Called eRoadArlanda, this stretch is two kilometers long and is located on a secondary network route connecting a freight terminal at Stockholm Arlanda International Airport and a logistics center.
As a first step, only fully electric trucks from PostNord, a Swedish postal service company, will be equipped to use this route.
It works by transferring energy by means of a removable arm placed under the vehicle. The latter lowers to make contact with the rail, which is placed in the middle of the road. In case of overtaking or accident, this contact between the arm and the rail is automatically lifted.
Most of these tests use electromagnetic induction technology. Electricity, which is drawn in, is then used to propel the vehicle or to be stored in batteries.
With this project, Sweden wants to become one of the pioneers in sustainable development. By 2030, the Nordic country intends to be “one of the first developed countries without fossil energy” in transport, according to the Swedish Minister of Infrastructure, Tomas Eneroth.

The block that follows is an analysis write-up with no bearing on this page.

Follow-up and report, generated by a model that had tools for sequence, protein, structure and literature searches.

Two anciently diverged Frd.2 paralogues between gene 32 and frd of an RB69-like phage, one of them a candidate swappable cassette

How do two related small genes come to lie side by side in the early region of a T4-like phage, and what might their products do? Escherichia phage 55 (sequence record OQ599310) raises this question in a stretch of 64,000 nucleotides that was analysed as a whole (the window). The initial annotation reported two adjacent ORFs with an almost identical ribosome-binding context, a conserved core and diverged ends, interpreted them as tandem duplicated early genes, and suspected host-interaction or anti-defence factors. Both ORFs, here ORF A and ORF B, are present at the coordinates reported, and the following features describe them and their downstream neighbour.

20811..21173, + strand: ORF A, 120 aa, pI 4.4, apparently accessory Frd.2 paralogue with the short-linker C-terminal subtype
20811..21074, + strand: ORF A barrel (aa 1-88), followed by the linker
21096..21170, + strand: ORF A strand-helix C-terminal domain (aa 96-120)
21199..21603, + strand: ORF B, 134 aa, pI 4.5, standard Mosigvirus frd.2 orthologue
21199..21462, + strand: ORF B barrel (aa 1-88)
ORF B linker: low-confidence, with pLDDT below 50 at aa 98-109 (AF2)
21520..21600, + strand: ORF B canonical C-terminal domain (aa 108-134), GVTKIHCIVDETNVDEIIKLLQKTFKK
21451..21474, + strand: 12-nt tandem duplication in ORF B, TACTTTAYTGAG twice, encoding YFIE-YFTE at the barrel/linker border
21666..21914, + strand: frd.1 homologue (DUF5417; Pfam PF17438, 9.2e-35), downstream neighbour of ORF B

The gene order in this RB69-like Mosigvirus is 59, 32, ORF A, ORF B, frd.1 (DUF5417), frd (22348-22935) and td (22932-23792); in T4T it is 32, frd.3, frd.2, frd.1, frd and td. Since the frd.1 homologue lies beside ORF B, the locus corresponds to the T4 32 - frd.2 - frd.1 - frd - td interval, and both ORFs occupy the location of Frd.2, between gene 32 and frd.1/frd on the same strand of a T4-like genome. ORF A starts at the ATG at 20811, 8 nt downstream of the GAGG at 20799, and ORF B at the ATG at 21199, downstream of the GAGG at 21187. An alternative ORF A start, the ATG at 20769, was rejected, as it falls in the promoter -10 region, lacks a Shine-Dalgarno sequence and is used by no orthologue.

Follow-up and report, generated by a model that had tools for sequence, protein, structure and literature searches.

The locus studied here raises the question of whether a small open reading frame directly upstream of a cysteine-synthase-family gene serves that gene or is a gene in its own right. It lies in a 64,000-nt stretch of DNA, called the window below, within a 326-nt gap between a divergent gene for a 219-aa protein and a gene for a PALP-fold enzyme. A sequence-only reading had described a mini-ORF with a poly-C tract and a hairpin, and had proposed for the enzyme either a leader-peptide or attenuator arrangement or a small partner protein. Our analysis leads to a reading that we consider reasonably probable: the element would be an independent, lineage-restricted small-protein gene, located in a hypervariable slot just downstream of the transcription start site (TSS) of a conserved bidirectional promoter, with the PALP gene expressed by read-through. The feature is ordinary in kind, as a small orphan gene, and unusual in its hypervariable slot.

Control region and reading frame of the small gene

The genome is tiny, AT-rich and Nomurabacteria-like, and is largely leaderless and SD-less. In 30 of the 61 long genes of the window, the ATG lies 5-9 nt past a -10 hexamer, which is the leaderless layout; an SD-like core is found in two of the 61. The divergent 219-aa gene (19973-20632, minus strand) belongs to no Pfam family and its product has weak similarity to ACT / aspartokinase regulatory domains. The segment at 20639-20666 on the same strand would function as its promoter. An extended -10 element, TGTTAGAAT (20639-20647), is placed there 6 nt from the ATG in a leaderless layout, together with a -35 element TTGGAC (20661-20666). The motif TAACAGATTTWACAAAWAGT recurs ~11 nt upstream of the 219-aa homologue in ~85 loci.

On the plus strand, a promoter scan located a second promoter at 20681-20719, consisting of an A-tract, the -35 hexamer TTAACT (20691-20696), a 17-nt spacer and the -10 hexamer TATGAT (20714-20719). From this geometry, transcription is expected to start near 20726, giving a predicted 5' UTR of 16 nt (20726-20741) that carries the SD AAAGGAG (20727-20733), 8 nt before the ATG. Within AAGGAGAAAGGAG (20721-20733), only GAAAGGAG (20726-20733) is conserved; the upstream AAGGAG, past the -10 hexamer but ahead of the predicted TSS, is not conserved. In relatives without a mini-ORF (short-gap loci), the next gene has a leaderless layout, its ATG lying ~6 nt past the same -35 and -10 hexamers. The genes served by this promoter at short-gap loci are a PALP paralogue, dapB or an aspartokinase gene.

“Everyone realizes that we are in a situation where climate change is imposing new demands on our policies and our development, this project is a way to find solutions,” he said
Hans Säll, chief executive of the eRoadArlanda consortium behind the project, said both current vehicles and roadways could be adapted to take advantage of the technology.
In Sweden there are roughly half a million kilometres of roadway, of which 20,000km are highways, Säll said.
“If we electrify 20,000km of highways that will definitely be be enough,” he added. “The distance between two highways is never more than 45km and electric cars can already travel that distance without needing to be recharged. Some believe it would be enough to electrify 5,000km.”
In Sweden, road transport currently accounts for more than 30% of greenhouse gas emissions, according to official figures. Several companies are also trying to launch similar initiatives.
Alstom, a French firm, is currently testing, with the help of the Swedish Energy Agency and Volvo Group, Göteborg, another ground-based power supply system, drawing on the technology used in trams.